Sitting on the papier-mâché rock in the Tusten Theatre in December of 1990, all I could think was, “Did I have to go?” Uh-oh, I was pretty sure I did. So, I got off my rock, set aside my crutch and walked down the fire escape to use the bathroom one last time. Then I resumed my place on my rock with my flute as the music started for my first opera role, the crippled Amahl in “Amahl and the Night Visitors” by Gian Carlo Menotti for the Delaware Valley Opera (DVO). Two decades later, that very first lesson stays with me—always go one last time before you take the stage.
My name is Melanie Henley Heyn and I grew up in Abrahamsville, PA right across the river from Callicoon, NY. My sister, Emma, and I had our first stage experiences with the Peacemaker Players, a community theater group who performed new musicals at the Hortonville Presbyterian Church and Sullivan County Community College. Having seen the annual DVO production of Amahl at Christmas a few years running, I remember eagerly practicing his solo in the kitchen with the help of my mother and an LP. After auditioning for the mildly scary Gloria Krause, I got to rehearse with the great Carol Castel (former and now current director of the DVO). She would pound on the stage and say, “Feet here, don’t move, Melanie.” The DVO felt like home to me and I went on to sing a spirit in “The Magic Flute,” a courtesan in “The Merry Widow” and a lounge singer in “Trouble in Tahiti.” I still think of her when I am standing onstage in Vienna during someone else’s aria. My big moment came when I got a call from Carol to sing Rose in Kurt Weill’s “Street Scene.” To this day, it is my favorite of almost 30 productions I have sung.
After six years of training at the Prep. Division of the Manhattan School of Music in New York, I entered the University of Southern California, traveling 3,000 miles away from home. My experience at the DVO with Carol and conductor Scott Jackson Wiley got me into the opera my sophomore year. My new teacher, Shigemi Matsumoto, taught me not only singing but also how to look, smell and taste like an opera singer.
For the past four years my husband, baritone Gabriel Wyner, and I have been living in Vienna, Austria studying in the Master’s Program at the Konservatorium Wien. I have been unbelievably fortunate to find a great vocal teacher, Frau Uta Schwabe. She is hard-core and generous, and she has helped me to free my voice so that I can communicate with my entire body and being. After receiving a 2 (American B) my first semester, I called her to ask her what I could do to deserve a 1. With no hesitation, she said, “Sie sind ein 3, aber Sie arbeiten viel.” (“You are really a 3, but you work hard.”) Last year, she came up to me at the end of the semester and whispered, “I gave you a 1, a real 1.” If there were ever an argument against today’s fear of Bs and Cs on report cards, this is it. I knew how much work I needed to do and, when I received the top mark, I knew it was the result of effort and not just talent.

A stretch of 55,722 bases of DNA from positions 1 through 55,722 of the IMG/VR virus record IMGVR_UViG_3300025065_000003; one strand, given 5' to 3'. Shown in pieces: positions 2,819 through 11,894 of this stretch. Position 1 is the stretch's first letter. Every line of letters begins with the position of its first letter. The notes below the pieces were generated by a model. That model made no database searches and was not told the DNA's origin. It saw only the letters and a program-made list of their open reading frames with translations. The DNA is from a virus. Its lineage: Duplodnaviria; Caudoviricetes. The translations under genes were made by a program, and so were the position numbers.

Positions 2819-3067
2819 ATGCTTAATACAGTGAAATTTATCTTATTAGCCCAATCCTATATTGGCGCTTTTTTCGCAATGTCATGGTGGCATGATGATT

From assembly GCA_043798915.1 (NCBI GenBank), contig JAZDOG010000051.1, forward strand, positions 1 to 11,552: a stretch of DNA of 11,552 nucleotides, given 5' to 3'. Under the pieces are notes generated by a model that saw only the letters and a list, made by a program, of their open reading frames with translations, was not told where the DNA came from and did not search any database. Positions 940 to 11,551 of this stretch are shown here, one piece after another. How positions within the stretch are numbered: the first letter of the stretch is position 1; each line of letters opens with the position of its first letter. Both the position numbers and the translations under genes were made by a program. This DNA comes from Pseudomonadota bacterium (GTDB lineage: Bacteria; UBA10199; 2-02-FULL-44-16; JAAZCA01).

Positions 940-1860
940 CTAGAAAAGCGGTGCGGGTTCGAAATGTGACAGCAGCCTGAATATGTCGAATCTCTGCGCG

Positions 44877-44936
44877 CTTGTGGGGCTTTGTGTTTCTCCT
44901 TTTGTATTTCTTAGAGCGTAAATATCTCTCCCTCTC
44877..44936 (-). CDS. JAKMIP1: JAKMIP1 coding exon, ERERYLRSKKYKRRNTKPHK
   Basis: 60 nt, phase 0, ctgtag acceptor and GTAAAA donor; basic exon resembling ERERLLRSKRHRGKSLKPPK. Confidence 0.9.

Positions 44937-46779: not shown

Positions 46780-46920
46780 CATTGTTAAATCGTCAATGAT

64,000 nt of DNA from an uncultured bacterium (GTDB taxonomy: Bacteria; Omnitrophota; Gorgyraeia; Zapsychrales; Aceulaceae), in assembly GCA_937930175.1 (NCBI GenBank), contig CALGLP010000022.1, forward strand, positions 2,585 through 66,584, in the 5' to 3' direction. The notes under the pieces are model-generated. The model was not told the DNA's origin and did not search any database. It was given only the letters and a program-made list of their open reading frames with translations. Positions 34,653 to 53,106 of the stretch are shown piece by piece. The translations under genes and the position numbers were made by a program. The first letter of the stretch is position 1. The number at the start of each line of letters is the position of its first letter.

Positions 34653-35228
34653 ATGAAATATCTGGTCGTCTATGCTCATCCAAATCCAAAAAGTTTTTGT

This Friday, July 8 at 7 p.m., I will be returning to the Tusten Theater in Narrowsburg to sing a recital. I’ll sing a dramatic aria by Wagner, a tragic aria by Puccini and a sexy Viennese waltz by Robert Stolz. There will be a set of American songs by Samuel Barber, and my husband will sing a cycle of French songs by Gabriel Fauré. Closest to my heart are the songs in the second half, by composers who fled Europe on the eve of World War II. This section will feature propaganda artist Hanns Eisler, forgotten master Ernst Toch, and movie wunderkind Erich Korngold. We will be accompanied by Violetta Zabirchenko on the piano.
All proceeds will go towards my coming audition trips though Europe. The suggested donation is $15; students are admitted free.